On the other hand, biological sprays have proven useful for centuries and you can easily mix them by yourself. Jauchen from wormwood or tansy leaves have proven to be effective. All you have to do is gather around half a kilogram of wormwood leaves or rainforest parts, crush them roughly and pour 10 liters of rainwater (alternatively: stale tap water) over them. The mixture remains in a dark and warm place for 10 to 14 days and is stirred thoroughly each day. Against the strong smell it helps to mix some stone powder. With this manure you spray your apple trees in early summer - adjust the right time, when the caterpillars hatch and the fruits have not been drilled.
From about the end of June, resourceful gardeners wrap the trunks of their apple trees with about 20 centimeters wide corrugated cardboard strips. The caterpillars crawling straight out of the apples are hiding in this strip instead of in the bark for wintering. From the end of July / beginning of August you can remove and dispose of the cardboard together with the dolls. In order to catch the second generation, you should repeat the procedure from late August / early September. If your apple trees are tied to a support pole, they should also be included. More effective are so-called caterpillar glue rings, which catch the caterpillars already on their way to the fruits. To do this, attach several of these rings overlapping and close to the trunk. As soon as the caterpillars leave in spring, they remain stuck in the glue rings and can not reach their destination. If possible, choose green glue rings to avoid accidentally catching useful insects.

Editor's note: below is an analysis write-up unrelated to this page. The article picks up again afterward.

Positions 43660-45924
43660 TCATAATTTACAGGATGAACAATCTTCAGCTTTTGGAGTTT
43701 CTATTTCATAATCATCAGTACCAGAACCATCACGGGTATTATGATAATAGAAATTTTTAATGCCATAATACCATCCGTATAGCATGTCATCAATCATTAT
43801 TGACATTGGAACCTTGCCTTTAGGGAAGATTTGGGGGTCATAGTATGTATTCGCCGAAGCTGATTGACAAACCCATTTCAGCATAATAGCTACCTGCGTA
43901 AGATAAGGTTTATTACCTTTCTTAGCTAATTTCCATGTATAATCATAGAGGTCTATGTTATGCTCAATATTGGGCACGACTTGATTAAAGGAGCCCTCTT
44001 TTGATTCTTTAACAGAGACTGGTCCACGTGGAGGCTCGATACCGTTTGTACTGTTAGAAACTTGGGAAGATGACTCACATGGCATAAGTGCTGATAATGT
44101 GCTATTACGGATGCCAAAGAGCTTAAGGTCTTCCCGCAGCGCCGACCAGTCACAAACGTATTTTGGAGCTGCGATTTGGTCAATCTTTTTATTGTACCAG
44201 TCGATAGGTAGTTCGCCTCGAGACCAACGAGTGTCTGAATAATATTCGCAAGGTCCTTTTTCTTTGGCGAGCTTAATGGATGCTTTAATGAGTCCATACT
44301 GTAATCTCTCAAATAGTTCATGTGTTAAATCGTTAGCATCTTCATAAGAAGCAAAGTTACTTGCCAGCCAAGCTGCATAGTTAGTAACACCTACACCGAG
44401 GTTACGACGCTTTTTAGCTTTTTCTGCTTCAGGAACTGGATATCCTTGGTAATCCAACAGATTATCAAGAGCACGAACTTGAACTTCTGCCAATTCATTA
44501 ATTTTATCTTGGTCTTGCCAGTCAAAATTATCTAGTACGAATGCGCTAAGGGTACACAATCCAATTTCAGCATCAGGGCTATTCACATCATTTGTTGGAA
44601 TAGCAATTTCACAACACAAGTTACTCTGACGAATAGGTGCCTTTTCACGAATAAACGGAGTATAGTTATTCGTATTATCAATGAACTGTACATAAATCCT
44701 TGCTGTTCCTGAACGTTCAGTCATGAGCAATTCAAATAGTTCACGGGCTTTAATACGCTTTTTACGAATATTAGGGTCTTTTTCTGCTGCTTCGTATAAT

Granulosis virus and baculovirus preparations